A couple years back, securities class action plaintiffs in the Lehman litigation advanced an intriguing theory. The credit rating agencies, they argued, weren’t mere evaluators of certain Lehman mortgage-backed securities, but were actually so involved in structuring the securities–and supplied ratings so crucial to the offering–that the rating agencies were, in effect, underwriters. It was a novel argument that seemed to offer securities class action plaintiffs a way to pierce the First Amendment armor protecting the rating agencies.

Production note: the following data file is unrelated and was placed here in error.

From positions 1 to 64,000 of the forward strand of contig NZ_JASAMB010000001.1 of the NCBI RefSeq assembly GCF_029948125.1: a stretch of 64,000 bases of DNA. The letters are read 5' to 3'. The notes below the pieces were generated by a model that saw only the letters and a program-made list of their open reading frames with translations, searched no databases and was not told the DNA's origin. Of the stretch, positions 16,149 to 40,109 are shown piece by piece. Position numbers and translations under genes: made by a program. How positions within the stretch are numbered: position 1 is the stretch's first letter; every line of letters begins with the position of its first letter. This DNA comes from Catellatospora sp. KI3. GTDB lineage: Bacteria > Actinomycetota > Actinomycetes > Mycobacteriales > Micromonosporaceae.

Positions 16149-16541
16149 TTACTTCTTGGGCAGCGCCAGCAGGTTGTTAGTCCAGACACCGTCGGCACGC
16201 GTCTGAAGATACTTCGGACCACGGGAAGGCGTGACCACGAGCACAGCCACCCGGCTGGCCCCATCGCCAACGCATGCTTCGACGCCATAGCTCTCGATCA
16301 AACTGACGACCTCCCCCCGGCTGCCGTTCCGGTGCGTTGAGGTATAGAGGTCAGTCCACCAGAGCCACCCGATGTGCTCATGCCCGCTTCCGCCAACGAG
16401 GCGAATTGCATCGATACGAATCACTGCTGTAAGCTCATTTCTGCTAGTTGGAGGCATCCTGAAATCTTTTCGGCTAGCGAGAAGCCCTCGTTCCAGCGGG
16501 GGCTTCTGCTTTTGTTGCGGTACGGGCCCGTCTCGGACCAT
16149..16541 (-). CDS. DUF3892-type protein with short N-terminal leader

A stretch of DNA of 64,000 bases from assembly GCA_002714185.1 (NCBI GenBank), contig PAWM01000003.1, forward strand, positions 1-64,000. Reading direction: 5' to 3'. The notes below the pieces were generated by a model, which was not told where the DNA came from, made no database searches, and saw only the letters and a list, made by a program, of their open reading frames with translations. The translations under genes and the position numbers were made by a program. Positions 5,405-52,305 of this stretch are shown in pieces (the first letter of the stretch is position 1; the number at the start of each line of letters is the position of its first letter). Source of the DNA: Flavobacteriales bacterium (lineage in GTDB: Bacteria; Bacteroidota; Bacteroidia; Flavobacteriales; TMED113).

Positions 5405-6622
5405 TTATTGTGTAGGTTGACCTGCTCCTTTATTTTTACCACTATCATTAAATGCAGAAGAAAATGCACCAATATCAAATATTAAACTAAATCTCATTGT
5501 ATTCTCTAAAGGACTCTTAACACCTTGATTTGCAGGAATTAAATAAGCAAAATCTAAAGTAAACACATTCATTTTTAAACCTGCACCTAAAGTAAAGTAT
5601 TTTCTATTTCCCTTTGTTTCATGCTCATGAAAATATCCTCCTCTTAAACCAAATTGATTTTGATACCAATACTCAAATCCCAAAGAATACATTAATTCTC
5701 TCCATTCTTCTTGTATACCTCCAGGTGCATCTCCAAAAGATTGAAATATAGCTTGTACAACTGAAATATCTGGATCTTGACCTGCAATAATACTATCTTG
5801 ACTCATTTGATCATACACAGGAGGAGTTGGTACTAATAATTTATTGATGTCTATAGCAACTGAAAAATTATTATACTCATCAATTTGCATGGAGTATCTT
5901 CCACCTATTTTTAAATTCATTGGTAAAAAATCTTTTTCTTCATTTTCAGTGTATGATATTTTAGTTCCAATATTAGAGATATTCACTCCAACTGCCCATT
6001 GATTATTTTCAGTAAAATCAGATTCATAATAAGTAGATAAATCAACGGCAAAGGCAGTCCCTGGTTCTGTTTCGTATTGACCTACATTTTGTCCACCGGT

And so far, it’s been completely unsuccessful. On Wednesday, Manhattan federal district court judge Harold Baer became the fourth judge in the Southern District to dismiss a class action asserting underwriter liability against the rating agencies, ruling in a 17-page opinion that investors led by the Public Employees Retirement System of Mississippi cannot pursue Securities Act claims against Standard & Poor, Moody’s, and Fitch for their role in a Goldman Sach offering of mortgage-backed pass-through certificates.